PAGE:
Wisconsin Students Take Action on the Environment

Students at Glen Hills Middle School in Glendale, Wisconsin, are passionate about helping the environment. Kennedy is pictured in the center, in blue eyeglasses. 

Zoom is now a part of our everyday life. But we should not zoom past climate change. A group of students at Glen Hills Middle School in Glendale, Wisconsin, is working to reduce their ecological footprint. Led by science teachers Jennifer Clark and Chloe McClendon, the Green Team* holds meetings every Tuesday and Thursday after school to address climate change and environmental pollution.  

Glen Hills is nationally recognized as a “Green Ribbon School.” To earn the designation, a school must meet such requirements as developing cost-effective energy, eliminating hazardous waste, improving the health and wellness of students through nutrition programs and physical education facilities, and incorporating environmental awareness and civic engagement into the curriculum. 

Due to the pandemic, the Green Team now conducts their Tuesday and Thursday meetings virtually. They come up with ideas and school activities that will teach fellow students and local residents to care for the environment in fun ways. The team has also been working on an aquaponic system. This is a food production system that uses the waste from fish to create fertilizer and grow plants.

“We volunteer in the community for river cleanup and compost efforts with Kompost Kids,” Clark says. Milwaukee’s Annual Bay View Bash typically invites the Green Team to help sort and recycle refuse from the event with Kompost Kids, a local nonprofit organization run by volunteers.


Students at Glen Hills get a lesson in composting. 


According to the Environmental Protection Agency, about 146.1 million tons of waste was transported to landfills in the United States in 2018. It can take hundreds of years for the waste in landfills to decompose. Plastic bottles, for example, can take more than 450 years. The decayed food and other waste produces methane gas, a greenhouse gas that contributes to air pollution.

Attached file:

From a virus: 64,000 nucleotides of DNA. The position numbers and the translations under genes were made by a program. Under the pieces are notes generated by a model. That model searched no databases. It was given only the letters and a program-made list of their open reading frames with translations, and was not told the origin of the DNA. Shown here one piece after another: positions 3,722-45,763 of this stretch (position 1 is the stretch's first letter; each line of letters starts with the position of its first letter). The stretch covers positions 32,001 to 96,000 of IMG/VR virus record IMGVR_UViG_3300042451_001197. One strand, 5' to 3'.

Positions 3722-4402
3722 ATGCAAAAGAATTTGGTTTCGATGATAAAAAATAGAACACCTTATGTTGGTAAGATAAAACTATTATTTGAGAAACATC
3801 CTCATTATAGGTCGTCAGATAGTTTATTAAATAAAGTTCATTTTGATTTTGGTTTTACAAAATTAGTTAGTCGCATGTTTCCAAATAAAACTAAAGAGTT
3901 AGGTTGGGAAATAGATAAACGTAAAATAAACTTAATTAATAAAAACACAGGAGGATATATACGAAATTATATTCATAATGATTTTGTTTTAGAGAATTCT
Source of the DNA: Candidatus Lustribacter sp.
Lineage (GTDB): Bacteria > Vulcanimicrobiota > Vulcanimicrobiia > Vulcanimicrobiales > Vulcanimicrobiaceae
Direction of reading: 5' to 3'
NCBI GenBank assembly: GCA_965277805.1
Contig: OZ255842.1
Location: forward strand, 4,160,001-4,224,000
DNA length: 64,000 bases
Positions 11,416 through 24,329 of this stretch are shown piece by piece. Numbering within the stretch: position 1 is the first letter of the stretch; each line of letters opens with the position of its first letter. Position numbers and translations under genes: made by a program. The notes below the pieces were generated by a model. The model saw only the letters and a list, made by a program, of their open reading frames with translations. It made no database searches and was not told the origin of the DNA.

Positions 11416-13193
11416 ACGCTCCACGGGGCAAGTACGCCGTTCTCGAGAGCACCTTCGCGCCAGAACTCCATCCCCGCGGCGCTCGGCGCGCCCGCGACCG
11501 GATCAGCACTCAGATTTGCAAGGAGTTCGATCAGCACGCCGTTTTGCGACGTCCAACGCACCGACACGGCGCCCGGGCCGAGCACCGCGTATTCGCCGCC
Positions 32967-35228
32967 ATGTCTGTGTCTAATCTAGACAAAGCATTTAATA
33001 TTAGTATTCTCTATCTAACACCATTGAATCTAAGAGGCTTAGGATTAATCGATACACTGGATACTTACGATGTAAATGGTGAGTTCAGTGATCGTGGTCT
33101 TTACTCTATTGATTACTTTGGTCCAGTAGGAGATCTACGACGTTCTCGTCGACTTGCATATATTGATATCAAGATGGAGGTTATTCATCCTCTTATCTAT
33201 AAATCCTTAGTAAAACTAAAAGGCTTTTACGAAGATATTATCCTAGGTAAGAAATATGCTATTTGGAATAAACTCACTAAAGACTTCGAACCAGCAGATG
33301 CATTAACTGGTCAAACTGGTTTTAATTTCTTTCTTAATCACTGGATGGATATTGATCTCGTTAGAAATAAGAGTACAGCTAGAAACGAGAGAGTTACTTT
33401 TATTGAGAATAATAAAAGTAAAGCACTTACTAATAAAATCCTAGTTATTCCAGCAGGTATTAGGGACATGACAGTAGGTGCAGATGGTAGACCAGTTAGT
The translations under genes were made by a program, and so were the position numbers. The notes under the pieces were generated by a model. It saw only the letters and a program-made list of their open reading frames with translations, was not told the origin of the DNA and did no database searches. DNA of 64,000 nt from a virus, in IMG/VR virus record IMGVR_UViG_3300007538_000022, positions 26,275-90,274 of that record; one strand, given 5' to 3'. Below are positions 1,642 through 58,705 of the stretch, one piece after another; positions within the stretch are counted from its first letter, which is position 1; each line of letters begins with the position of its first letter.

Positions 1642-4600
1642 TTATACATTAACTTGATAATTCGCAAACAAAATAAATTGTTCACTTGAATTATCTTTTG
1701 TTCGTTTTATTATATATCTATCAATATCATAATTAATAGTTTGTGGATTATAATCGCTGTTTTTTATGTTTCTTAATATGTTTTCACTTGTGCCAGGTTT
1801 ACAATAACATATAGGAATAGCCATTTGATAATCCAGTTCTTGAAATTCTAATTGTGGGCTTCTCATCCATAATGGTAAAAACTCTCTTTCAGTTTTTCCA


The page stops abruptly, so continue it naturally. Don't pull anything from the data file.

Kompost Kids is dedicated to transforming the way people dispose of their waste. During the pandemic, there has been a rise in the use of packaging because of restaurant take-out orders and online deliveries. The organization wants to reduce waste in our landfills. Instead of physically sorting these materials, Kompost Kids is educating people about how to reuse materials and turn organic waste into fertilizer by composting. 

What can you do to help? Kompost Kids and the Green Team recommend that you compost organic waste, such as kitchen scraps and coffee grounds. You can buy a bin at your local home improvement store. After you have sliced fruits or vegetables, for example, put the scraps in the bin. Twice a week, add a small amount of water, and stir the mixture. After several months, your compost will be ready to use as soil.

Recycling plastic, metal cans, cardboard, and newspapers is another great way to help the environment. You can separate these items in bins when discarding them. 

“We should have an everyday routine to recycle and compost,” says Green Team member Emma Cannon. “It may take time and effort to do, but it’s worth it for the environment.”


* Kennedy was a member of the Green Team before relocating to California.  



Photos courtesy of the author